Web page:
We are now in what has been called the "era of human rights" and global attention to human rights is on the rise. But this increased attention brings a number of challenges. Costas Douzinas explains in Human Rights and Empire (2007) that "the rhetoric of human rights has triumphed because it can be adopted by the right and the left, the north and the south, the state and the pulpit, the minister and the rebel" (33). Today the rhetoric of human rights is used by both victims and perpetrators, making it increasingly difficult to distinguish between the genuine defense of rights and the deployment of rights rhetoric to justify abuses of state power.
In order to navigate this increasingly complex field, this interest group is organized around two key premises regarding human rights research, teaching, and outreach. First, academic scrutiny of human rights should be truly interdisciplinary and the strength of the group will come from the variety of perspectives offered by faculty and students who are trained in different fields such as law, philosophy, history, rhetoric, communication, literature and culture, art, theater, anthropology, sociology, political science, medicine, business, media and more.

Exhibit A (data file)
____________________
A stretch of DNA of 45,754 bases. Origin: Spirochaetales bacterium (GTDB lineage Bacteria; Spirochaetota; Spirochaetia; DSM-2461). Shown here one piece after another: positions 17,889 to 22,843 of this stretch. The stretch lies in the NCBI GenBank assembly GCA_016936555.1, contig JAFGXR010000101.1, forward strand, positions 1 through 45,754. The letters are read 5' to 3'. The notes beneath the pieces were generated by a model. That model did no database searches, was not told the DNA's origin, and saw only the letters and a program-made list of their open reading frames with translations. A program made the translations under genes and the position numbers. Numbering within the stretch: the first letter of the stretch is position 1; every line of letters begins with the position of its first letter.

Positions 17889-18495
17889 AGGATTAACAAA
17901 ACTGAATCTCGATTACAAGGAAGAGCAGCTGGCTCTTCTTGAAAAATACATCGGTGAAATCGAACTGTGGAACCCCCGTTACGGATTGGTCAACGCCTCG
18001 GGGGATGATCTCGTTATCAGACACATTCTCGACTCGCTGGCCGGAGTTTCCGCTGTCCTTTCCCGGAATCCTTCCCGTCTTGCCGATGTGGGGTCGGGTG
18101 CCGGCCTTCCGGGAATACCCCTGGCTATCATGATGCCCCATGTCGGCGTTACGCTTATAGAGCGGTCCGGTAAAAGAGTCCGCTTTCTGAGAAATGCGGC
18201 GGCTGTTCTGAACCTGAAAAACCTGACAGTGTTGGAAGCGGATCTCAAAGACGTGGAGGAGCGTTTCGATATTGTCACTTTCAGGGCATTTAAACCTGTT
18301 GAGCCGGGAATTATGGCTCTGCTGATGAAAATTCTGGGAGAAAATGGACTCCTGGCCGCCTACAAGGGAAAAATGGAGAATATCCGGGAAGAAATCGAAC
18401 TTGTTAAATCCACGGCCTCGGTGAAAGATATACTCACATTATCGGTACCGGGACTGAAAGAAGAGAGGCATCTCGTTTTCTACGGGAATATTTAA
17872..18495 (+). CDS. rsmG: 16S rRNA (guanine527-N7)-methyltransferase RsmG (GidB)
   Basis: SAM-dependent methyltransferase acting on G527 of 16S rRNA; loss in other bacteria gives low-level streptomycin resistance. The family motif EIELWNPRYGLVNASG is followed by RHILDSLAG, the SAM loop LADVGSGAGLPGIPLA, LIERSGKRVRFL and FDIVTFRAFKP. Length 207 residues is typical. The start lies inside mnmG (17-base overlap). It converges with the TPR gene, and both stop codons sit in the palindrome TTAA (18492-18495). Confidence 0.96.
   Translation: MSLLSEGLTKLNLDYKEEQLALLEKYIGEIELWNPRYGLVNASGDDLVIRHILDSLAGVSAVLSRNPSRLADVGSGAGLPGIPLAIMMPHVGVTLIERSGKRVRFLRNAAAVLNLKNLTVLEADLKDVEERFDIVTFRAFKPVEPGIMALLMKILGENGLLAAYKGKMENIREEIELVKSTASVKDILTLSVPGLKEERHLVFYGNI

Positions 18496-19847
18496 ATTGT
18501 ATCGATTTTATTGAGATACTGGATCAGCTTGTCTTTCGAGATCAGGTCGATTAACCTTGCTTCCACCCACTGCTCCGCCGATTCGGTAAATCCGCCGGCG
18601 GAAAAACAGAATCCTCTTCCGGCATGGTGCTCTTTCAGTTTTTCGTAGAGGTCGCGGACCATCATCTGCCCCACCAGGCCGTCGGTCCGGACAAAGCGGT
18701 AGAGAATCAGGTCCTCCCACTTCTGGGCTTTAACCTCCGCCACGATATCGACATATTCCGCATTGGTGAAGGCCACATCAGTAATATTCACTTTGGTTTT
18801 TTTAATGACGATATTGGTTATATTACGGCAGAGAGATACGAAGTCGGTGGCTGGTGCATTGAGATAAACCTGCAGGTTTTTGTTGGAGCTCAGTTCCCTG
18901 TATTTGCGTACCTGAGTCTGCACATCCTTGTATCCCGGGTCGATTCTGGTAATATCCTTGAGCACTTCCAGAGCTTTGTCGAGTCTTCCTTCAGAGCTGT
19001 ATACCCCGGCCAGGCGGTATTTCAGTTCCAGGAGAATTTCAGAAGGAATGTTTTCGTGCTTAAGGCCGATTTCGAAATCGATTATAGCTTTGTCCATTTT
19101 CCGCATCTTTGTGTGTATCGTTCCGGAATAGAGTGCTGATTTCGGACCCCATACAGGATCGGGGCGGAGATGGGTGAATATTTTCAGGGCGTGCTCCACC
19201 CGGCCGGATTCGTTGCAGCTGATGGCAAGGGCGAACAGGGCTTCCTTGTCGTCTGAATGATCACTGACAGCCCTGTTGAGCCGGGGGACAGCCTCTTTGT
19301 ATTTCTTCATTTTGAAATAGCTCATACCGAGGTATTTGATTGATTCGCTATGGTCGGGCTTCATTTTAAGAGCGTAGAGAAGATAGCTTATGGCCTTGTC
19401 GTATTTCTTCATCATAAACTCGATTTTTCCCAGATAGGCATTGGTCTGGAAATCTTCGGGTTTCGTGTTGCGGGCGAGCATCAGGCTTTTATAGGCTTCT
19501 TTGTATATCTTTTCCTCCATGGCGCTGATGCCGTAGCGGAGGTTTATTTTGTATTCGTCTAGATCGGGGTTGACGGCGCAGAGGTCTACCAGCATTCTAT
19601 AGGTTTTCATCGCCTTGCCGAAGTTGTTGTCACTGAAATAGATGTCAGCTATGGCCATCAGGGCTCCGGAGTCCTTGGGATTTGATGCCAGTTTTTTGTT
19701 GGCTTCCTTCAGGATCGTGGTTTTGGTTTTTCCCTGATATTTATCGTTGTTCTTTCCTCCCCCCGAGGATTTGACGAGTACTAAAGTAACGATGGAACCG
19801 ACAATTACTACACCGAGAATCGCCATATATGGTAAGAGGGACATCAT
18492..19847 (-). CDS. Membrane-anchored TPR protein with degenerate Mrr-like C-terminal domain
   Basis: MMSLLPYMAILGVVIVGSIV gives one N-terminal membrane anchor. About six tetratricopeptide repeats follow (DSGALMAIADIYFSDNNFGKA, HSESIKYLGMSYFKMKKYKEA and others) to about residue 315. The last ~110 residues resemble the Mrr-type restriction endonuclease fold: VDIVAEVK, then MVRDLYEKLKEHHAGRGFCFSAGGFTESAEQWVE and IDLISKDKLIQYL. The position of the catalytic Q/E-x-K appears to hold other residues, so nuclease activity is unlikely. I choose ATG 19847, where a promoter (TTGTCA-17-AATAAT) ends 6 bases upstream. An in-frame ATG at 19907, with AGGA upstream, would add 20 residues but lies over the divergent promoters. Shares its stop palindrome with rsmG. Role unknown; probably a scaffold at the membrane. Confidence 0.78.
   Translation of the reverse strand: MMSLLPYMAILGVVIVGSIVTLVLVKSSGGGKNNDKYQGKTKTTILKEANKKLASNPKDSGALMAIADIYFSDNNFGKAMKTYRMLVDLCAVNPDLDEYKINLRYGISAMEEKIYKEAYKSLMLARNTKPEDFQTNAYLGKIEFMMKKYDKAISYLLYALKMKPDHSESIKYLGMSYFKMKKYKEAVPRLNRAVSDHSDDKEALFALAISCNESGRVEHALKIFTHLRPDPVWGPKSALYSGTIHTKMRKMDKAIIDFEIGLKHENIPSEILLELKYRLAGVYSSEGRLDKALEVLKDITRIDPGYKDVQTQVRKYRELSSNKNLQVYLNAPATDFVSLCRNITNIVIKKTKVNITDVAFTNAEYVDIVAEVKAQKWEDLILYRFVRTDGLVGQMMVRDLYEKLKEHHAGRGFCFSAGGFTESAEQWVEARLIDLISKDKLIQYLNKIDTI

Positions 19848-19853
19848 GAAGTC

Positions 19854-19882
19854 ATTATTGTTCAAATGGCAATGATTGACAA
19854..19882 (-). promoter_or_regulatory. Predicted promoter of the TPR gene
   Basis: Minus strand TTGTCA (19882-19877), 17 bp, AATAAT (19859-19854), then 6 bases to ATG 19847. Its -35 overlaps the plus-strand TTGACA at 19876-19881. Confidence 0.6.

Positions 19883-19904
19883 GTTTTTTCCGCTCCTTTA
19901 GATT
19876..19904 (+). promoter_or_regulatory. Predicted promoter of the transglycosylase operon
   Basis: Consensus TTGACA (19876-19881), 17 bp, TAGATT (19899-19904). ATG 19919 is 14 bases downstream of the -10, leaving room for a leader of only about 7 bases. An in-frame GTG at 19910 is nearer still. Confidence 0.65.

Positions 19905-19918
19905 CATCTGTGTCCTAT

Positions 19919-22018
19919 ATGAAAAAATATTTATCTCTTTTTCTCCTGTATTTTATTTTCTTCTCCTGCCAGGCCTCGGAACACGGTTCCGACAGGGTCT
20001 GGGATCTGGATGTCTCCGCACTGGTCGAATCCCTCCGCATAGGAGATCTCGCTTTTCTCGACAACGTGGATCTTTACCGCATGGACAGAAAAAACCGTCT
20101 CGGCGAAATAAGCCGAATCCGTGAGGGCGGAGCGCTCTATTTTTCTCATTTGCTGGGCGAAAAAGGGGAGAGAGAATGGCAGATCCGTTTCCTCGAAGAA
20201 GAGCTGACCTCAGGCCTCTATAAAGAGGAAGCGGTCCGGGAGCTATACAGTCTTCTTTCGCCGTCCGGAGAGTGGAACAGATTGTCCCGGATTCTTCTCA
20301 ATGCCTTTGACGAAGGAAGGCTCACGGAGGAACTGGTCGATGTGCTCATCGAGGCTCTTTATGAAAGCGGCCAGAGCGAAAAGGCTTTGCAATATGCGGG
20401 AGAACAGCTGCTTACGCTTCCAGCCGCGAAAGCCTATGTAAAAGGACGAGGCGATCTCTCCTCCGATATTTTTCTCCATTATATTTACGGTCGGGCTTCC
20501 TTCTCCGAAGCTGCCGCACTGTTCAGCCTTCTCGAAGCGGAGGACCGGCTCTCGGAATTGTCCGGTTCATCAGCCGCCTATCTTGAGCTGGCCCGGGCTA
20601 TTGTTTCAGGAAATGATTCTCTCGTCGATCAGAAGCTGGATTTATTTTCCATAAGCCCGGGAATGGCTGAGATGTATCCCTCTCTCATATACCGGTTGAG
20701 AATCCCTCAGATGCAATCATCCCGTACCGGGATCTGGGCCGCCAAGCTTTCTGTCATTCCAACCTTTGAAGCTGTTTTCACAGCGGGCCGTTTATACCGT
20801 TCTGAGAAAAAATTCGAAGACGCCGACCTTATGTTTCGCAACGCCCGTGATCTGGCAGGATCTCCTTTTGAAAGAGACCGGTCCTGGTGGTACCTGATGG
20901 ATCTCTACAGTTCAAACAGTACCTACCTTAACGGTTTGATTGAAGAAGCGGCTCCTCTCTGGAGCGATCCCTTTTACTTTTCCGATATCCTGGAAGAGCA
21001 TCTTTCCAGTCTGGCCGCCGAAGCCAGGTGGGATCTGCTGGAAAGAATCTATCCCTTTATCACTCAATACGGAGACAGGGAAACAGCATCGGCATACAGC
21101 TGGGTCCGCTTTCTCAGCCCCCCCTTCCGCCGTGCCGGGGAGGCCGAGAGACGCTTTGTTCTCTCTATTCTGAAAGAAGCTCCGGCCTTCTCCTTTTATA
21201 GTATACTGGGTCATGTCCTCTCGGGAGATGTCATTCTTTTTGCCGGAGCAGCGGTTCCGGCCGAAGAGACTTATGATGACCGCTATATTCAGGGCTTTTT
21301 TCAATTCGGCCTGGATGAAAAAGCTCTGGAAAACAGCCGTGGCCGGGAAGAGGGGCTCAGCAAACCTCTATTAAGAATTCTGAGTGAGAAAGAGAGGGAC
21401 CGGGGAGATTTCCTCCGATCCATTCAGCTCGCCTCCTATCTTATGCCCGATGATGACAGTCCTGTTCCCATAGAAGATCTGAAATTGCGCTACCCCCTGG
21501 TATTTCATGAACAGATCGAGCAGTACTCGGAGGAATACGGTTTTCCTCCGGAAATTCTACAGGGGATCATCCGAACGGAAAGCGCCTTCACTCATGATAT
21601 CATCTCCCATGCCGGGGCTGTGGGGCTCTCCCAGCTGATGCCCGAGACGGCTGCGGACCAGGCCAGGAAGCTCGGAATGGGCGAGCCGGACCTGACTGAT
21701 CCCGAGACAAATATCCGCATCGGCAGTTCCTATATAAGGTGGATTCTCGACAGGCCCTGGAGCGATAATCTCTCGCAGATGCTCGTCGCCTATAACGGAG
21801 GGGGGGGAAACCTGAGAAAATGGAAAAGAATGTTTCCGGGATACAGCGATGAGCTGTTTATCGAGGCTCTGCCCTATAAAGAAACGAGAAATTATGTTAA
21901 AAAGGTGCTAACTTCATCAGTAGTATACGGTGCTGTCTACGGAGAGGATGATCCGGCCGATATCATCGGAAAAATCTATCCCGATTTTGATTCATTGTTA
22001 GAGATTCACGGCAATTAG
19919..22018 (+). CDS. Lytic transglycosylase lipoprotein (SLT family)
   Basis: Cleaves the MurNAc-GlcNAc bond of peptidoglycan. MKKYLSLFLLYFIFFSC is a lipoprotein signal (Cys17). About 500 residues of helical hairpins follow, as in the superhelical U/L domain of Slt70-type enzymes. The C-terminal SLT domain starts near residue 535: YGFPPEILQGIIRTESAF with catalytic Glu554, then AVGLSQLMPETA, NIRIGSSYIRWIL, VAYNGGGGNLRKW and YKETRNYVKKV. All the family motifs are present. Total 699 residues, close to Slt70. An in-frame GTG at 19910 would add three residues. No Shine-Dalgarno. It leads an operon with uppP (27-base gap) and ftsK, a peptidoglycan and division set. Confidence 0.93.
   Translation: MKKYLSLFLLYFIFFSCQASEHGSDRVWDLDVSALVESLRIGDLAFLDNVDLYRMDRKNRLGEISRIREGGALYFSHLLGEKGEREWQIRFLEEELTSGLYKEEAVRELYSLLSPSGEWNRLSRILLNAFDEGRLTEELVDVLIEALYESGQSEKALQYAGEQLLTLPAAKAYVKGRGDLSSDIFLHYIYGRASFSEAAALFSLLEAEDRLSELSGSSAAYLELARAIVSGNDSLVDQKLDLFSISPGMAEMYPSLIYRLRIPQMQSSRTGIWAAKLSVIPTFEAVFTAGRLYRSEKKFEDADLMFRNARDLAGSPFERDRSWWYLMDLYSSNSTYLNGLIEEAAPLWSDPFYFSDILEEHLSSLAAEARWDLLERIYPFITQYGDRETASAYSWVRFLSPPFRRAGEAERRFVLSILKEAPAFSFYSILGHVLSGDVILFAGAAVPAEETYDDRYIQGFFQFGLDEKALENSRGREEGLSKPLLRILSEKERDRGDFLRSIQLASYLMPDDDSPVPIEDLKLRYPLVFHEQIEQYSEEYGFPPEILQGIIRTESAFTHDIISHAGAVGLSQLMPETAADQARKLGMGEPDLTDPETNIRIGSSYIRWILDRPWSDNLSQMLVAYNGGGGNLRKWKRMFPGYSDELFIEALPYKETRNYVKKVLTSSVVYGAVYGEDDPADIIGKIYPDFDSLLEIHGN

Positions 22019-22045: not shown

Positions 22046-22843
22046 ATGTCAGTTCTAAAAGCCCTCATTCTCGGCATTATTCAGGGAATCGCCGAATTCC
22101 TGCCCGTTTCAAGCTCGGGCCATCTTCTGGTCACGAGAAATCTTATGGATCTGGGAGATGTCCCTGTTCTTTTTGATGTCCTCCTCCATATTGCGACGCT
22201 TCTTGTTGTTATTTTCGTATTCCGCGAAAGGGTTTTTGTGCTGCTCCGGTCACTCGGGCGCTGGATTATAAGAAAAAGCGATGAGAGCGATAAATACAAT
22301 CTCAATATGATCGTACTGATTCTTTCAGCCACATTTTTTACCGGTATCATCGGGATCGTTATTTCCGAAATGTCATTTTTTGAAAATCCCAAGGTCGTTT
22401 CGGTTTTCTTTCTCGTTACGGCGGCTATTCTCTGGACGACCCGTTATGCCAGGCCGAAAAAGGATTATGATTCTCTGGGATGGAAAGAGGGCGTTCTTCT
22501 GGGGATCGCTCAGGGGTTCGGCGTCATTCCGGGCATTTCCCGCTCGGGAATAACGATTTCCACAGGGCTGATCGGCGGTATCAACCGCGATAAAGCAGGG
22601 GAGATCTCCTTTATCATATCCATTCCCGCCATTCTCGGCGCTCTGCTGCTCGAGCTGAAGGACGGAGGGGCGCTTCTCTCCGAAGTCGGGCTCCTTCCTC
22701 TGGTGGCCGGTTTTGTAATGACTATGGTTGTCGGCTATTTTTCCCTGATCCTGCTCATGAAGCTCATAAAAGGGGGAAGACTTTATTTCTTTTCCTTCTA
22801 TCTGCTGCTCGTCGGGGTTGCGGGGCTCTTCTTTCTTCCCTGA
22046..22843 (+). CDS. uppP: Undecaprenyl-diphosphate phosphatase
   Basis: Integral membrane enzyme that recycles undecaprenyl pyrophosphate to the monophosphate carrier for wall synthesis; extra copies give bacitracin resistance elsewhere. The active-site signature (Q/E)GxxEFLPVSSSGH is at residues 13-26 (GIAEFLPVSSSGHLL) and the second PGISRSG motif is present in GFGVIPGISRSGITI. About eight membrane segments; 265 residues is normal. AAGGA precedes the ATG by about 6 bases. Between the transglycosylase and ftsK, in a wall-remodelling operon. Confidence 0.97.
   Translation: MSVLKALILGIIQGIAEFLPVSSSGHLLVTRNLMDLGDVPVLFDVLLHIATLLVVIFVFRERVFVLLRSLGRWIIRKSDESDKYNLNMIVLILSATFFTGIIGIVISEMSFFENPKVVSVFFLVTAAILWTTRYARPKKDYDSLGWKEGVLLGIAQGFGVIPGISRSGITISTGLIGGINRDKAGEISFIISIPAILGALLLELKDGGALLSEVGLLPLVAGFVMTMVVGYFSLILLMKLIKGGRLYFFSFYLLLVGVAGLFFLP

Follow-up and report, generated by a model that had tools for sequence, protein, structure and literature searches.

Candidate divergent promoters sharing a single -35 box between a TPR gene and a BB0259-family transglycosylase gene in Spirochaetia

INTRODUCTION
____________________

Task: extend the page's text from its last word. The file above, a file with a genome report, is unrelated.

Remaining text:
Second, understanding human rights requires both cross-cultural and global perspectives. Cultural diversity is often perceived as a threat to notions of universal rights. However, cross-cultural perspectives can help to alleviate some of these tensions, especially when these perspectives reveal theories of rights that do not originate in the West. Cross-cultural perspectives demand that we acquire detailed knowledge of other cultures and their social practices. But the rewards are palpable: they enhance ethical critiques of globalization, and enrich our understanding of cosmopolitanism.
Our goals are to provide faculty and students working on human rights with a dynamic and supportive environment. This interest group will encourage collaborative research as well as provide a forum for strengthening individual projects. Part of this research energy will come from bringing human rights scholars and activists to campus, and creating opportunities for presentations by members of the Penn State community. By creating institutional visibility for human rights work at Penn State, we also hope to draw attention to the courses we teach, encourage cross-disciplinary connections among our faculty and students, and promote curriculum development.